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Human Development

World Health Statistics Overview 2019 report on Life Expectancy

World Health Statistics Overview 2019 report on Life Expectancy


  • GS 2 ||Governance & Social Justice ||Human Development || Health

Why in news?

  • The World Health Organization (WHO) recently released the World Health Statistics Overview 2019.


  • Life expectancy: For men and women combined, average life-expectancy has increased by 5½ years since the turn of the century — from 66.5 years in 2000 to 72 years in 2016.
    • While “healthy” life expectancy (the number of years lived in full health) increased from 58.5 years in 2000, to 63.3 years in 2016.
  • Births: In 2019, the WHO report said, more than 141 million children will be born: 73 million boys and 68 million girls.
  • Mortality risks: Based on recent mortality risks the boys will live, on average, 69.8 years and the girls 74.2 years — a difference of 4.4 years.
  • Life expectancy at age 60 years is also greater for women than men: 21.9 versus 19.0 years.
  • Women outlive men everywhere, the World Health Organization (WHO) said recently while releasing its World Health Statistics Overview 2019.
  • Whether it’s homicide, road accidents, suicide, and cardiovascular disease— time and time again, men are doing worse than women.
    • Global suicide mortality rates were 75% higher in men than in women in 2016.
    • Death rates from road injury are more than twice as high in men than in women from age 15.
    • Mortality rates due to homicide are 4 times higher in men than in women.

Country wise discrepancy

  • Life expectancy remains strongly affected by income.
    • In low-income countries, life expectancy is 18.1 years lower than in high-income countries.
    • One child in every 14 born in a low-income country will die before their fifth birthday.
  • The risk of maternal death is hugely different between high-income and low-income countries.
    • The gap between men’s and women’s life expectancy is narrowest where women lack access to health services.
    • In low-income countries, where services are scarcer, 1 in 41 women dies from a maternal cause, compared with 1 in 3300 in high-income countries.
    • In more than 90 per cent of low-income countries, there are fewer than 4 nursing and midwifery personnel per 1000 people.

Possible reasons

  • Attitudes to healthcare differ: The report attributes the discrepancy to differing attitudes to healthcare between men and women.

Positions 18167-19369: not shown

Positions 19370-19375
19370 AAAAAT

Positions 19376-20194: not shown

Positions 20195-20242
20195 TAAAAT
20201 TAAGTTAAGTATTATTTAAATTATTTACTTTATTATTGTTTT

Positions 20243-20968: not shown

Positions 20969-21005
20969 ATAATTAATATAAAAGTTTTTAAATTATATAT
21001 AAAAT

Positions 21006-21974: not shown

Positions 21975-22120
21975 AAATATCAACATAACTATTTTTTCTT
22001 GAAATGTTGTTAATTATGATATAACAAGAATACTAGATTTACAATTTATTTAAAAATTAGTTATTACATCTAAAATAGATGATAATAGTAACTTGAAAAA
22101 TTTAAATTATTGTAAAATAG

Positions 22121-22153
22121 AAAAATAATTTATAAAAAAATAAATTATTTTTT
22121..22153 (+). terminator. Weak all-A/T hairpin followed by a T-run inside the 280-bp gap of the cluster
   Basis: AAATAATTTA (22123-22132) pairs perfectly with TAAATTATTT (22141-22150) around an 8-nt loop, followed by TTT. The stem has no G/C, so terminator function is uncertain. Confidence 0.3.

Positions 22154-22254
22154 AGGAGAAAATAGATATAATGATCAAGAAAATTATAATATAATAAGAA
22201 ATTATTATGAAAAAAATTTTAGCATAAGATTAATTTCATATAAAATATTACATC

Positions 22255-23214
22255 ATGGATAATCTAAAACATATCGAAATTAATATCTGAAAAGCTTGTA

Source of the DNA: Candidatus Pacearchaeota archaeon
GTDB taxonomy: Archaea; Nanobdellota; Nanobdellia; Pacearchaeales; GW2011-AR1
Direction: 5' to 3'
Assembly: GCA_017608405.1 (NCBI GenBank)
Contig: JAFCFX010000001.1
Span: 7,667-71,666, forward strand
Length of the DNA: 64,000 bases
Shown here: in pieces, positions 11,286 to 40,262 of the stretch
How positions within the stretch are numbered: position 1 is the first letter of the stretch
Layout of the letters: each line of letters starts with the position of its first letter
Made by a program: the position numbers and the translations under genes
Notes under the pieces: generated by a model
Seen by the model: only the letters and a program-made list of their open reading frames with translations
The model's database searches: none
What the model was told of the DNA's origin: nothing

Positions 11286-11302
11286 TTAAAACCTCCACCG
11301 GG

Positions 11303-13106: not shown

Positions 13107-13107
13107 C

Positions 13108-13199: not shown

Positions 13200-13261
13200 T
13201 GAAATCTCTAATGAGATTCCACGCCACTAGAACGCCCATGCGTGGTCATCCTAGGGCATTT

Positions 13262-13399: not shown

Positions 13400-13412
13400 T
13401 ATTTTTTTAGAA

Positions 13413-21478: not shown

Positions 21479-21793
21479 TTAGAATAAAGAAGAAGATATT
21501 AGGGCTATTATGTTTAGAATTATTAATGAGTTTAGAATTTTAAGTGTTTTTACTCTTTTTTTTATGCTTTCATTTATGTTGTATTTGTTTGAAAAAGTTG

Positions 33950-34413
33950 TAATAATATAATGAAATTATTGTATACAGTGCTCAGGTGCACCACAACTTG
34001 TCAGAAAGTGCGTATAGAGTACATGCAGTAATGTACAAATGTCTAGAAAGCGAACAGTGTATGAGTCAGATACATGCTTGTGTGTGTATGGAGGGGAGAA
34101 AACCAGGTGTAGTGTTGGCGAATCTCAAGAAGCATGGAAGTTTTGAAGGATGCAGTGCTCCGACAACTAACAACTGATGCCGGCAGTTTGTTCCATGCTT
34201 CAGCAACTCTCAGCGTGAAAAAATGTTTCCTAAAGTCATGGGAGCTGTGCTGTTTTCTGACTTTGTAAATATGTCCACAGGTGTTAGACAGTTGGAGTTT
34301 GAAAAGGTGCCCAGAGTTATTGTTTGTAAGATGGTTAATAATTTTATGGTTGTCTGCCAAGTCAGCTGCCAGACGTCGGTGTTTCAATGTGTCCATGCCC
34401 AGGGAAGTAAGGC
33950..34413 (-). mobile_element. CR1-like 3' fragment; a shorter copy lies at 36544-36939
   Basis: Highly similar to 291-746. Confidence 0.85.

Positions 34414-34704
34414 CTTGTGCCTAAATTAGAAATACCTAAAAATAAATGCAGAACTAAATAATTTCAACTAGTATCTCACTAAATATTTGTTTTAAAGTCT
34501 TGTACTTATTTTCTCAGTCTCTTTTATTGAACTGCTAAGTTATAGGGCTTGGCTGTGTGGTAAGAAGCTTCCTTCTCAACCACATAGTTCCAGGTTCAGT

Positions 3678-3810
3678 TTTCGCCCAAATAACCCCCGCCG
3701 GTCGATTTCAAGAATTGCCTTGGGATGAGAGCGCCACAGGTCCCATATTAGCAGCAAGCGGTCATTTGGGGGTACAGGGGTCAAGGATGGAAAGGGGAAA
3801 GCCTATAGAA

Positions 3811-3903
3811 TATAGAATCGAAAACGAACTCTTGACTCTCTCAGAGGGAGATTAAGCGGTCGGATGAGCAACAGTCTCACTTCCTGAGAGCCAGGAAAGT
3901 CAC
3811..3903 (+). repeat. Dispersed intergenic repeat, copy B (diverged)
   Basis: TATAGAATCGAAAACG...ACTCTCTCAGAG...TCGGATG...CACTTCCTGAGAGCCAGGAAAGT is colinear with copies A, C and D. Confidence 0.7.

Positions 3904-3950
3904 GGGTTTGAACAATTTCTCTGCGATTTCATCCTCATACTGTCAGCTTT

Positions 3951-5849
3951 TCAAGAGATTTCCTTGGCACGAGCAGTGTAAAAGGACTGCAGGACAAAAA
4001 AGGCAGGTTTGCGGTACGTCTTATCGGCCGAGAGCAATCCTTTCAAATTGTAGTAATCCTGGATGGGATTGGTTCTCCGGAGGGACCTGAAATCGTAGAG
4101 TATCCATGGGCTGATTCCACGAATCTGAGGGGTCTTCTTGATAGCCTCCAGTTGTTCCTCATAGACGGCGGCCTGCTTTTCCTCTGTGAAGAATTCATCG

• In countries with generalised HIV epidemics, for example, men are less likely than women to take an HIV test, less likely to access antiretroviral therapy and more likely to die of AIDS-related illnesses than women.
    • The same principle applies for tuberculosis sufferers, with male patients less likely to seek care than women.
    • So men are much more likely to die from preventable and treatable non-communicable diseases.

Additional info

World Health Organization (WHO)

  • The World Health Organization (WHO) is a specialized agency of the United Nations that is concerned with international public health.
  • It was established on 7 April 1948, and is headquartered in Geneva, Switzerland.
  • The WHO is a member of the United Nations Development Group. Its predecessor, the Health Organisation, was an agency of the League of Nations.
  • Since its establishment, it has played a leading role in the eradication of smallpox.
  • Its current priorities include:
    • communicable diseases, in particular HIV/AIDS, Ebola, malaria and tuberculosis;
    • the mitigation of the effects of non-communicable diseases such as sexual and reproductive health, development, and aging;
    • nutrition, food security and healthy eating; occupational health;
    • substance abuse; and
    • driving the development of reporting, publications, and networking.
  • The WHO is responsible for the World Health Report, the worldwide World Health Survey, and World Health Day.

Mains question

  • One of the central problems in India’s healthcare system has been the low levels of public spending on health. Critically examine why public spending on health remains low despite poor health indicators. Also comment why the issue needs to be addressed immediately.